Let me ask you something. How many times have you said “Cool” or “That’s so cool” today? I’ve probably muttered it to myself when going through my Twitter feed about fifty times this morning alone. But how did the word “cool” in itself grow to become… well, cool? I was thinking about this whilst brushing my teeth earlier, and decided to do a little reading.
The word “cool” has always been around. It’s been enjoying a very well-carved groove in the Oxford English Dictionary for yonks. In the past few generations, it has been used in all sorts of situations – from describing a moderately low temperature to a muted colour variation. Perhaps more recently, the word “cool” has been given a bit of a facelift – we now use it to signify a verbal nod of approval, or to describe an aloof, indifferent manner. Of course, I’m a millennial – these definitions of cool don’t have any significant undertones of change or history to me. But it’s still an interesting question – where did it all come from?
The most significant era of cool as a cultural phenomenon was arguably in America at the end of World War II. Specifically within the black community in ever-growing protest of the discrimination they faced on a daily basis. In response, black people brushed it off with a calm and collected attitude that was both strong and non-violent when it came to silencing those who dished racial abuse with joyful abandon. The game was all about the non-aggravating approach and most of all, keeping emotions under control. Martin Luther King was a prime example of this – he was inspired by the way Mahatma Ghandi dealt with British oppression in India and in many ways, embodied Ghandi’s values in himself as a leader. In youth speak, he was seriously cool.
Let’s look at a different scene where coolness reigned supreme like never before, and still does (on my YouTube suggestions list, for sure). Some of the most iconic black people of the time were black jazz musicians. Coincidence that cool jazz was born in the late 1940s? I think not. Heads up, I’m gonna indulge in my inner music nerd.
Cool jazz is most strongly characterised by its relaxed tempo, light texture and complex, classically-inclined solos. One of my favourites by far. Miles Davis’ album “Birth Of The Cool” was an icon of the genre, and he knocked those velvety trumpet solos right out of the park. A stark contrast to Dizzy Gillespie’s energetic, fast-paced music, that’s for sure. The key to cool jazz was its subdued approach – both in the music and the performers’ stage presence.
Take Lester Young. A stunning jazz tenor saxophonist who was known for his ice-cool demeanour on stage. At the time, there was a widely mocked image of black people being over enthusiastic when it came to fitting in with white culture and gaining white approval. In the performing arts, this translated into a happy-clappy stage presence with pantomime-esque grinning and dancing. Aptly named “Uncle Tomming”, this behaviour oozed humiliation and it was an outright comedy-of-errors type mockery of dignity and all its synonyms. Lester decided that he’d had enough. On stage, he was all about that sense of detachment both musically and visually. He was the first performer of his kind to wear sunglasses on stage – day or night, indoors or outdoors. He held his saxophone at a 45 degree angle, and his movements were deliberate yet completely at ease. The beautiful irony of it all lay in his painfully expressive artistry, which was perhaps exemplified by the blankness of his composure.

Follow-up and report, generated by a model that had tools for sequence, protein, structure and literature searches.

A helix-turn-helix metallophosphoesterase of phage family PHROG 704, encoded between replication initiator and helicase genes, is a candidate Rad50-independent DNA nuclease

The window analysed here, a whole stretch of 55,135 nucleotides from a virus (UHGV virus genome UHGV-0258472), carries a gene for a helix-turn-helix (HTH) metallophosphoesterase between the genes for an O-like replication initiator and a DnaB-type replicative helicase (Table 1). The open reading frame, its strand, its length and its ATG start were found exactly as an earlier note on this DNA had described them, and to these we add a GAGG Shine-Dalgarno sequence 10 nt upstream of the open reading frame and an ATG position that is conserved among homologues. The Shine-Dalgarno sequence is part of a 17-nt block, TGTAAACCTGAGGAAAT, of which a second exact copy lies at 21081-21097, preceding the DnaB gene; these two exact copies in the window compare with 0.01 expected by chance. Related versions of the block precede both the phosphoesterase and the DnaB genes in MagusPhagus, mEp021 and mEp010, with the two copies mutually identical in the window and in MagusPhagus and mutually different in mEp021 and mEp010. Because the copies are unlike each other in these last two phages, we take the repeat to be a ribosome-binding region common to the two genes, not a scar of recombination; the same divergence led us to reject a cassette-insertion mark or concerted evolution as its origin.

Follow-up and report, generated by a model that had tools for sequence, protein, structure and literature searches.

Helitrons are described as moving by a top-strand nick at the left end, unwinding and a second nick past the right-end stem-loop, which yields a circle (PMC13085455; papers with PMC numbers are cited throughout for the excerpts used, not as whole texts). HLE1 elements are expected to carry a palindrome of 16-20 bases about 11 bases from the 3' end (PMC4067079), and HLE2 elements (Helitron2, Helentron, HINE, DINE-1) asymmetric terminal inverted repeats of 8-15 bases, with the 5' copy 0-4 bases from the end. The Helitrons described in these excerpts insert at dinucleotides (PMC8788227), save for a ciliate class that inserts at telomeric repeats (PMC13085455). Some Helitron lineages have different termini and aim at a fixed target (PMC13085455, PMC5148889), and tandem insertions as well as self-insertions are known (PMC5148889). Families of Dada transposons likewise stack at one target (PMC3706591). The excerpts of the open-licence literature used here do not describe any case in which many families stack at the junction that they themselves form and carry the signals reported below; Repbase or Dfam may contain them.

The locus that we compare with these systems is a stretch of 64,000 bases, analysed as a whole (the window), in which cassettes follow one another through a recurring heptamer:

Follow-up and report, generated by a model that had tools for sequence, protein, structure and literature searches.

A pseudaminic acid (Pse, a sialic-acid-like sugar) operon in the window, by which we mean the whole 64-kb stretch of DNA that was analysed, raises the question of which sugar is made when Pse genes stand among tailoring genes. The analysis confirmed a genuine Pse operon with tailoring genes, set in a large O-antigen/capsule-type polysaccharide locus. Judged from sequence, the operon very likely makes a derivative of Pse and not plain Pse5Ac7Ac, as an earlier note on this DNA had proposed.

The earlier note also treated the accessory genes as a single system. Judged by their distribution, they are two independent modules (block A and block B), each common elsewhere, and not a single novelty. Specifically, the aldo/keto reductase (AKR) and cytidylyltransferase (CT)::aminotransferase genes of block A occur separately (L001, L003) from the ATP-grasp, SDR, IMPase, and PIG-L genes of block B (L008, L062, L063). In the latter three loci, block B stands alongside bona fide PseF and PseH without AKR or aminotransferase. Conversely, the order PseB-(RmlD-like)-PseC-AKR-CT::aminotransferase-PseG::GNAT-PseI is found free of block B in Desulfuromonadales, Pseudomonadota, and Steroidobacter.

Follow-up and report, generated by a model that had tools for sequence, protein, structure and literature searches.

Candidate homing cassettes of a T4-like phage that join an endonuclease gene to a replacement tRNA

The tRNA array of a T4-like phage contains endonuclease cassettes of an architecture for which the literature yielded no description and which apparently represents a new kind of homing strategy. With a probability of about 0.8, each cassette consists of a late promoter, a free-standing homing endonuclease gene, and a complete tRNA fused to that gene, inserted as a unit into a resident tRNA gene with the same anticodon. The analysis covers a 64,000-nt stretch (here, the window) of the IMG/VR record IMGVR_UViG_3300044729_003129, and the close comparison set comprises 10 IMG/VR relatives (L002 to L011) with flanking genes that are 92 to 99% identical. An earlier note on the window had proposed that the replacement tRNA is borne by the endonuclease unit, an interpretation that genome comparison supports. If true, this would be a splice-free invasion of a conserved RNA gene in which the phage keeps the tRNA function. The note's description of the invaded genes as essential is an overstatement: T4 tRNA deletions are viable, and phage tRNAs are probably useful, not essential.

When you hear the word “cool”, what kind of imagery comes to mind? Most commonly, we’ll think of someone who’s well-dressed, slouched yet poised, perhaps wearing sunglasses and holding a glass of alcohol of some sort. These are some very specific details – why exactly do we associate them with a cool image? Let’s look at each one in detail.
- Well-dressed – anyone who dresses well is immediately assumed to be an authoritative figure who’s in control and successful in life. This is the very reason we have an office dress code and pyjamas don’t quite translate into suave elegance. That being said, it’s not easy to step out in the whole 007 shebang in a culture of laidback messiness – this is the exact kind of confidence that has itself written all over “cool”.
- Slouched yet poised – relaxed posture is the key. A relaxed, open body language conveys a devil-may-care confidence. In the face of threat, it takes on a silent defiance.
- Sunglasses – They quite literally act as a mask to the rest of the world by covering your eyes, the most expressive feature of your face that gives away emotion and your identity.
- Alcohol – Perhaps more of a social status symbol. Having a good alcohol tolerance is seen as an asset – the alternative is, well… bumbling and all over the place. It also signifies maturity and sophistication. Let’s be honest, my wine knowledge just about consists of three things – red, white and rosé. Perhaps dry and sweet at a stretch.
The next time you say “that’s so cool” to the latest Instagram contouring craze or anything else that makes you do that approving head motion that can only be described as a cross between a nod and a slow headbang, give it a little thought. Put the shades on and sway those hips down the street to the dulcet tones of Chet Baker. Lester would be proud. You go girl.
- Dr. Thorsten Botz-BorNstein, “What Does It Mean To Be Cool?” Published 2010. Accessed Sept 8 2017.
- University of Rochester Medical Centre, “What Does It Mean To Be Cool? It May Not Be What You Think”. Published 2012. Accessed Sept 8 2017.
- Jessica P. Ogilvie, “What defines cool”. Published Nov 10 2012. Accessed Sept 8 2017.
- Joel Dinerstein, “Lester Young and the Birth Of Cool”. Published Dec 10, 2014. Accessed Sept 8 2017.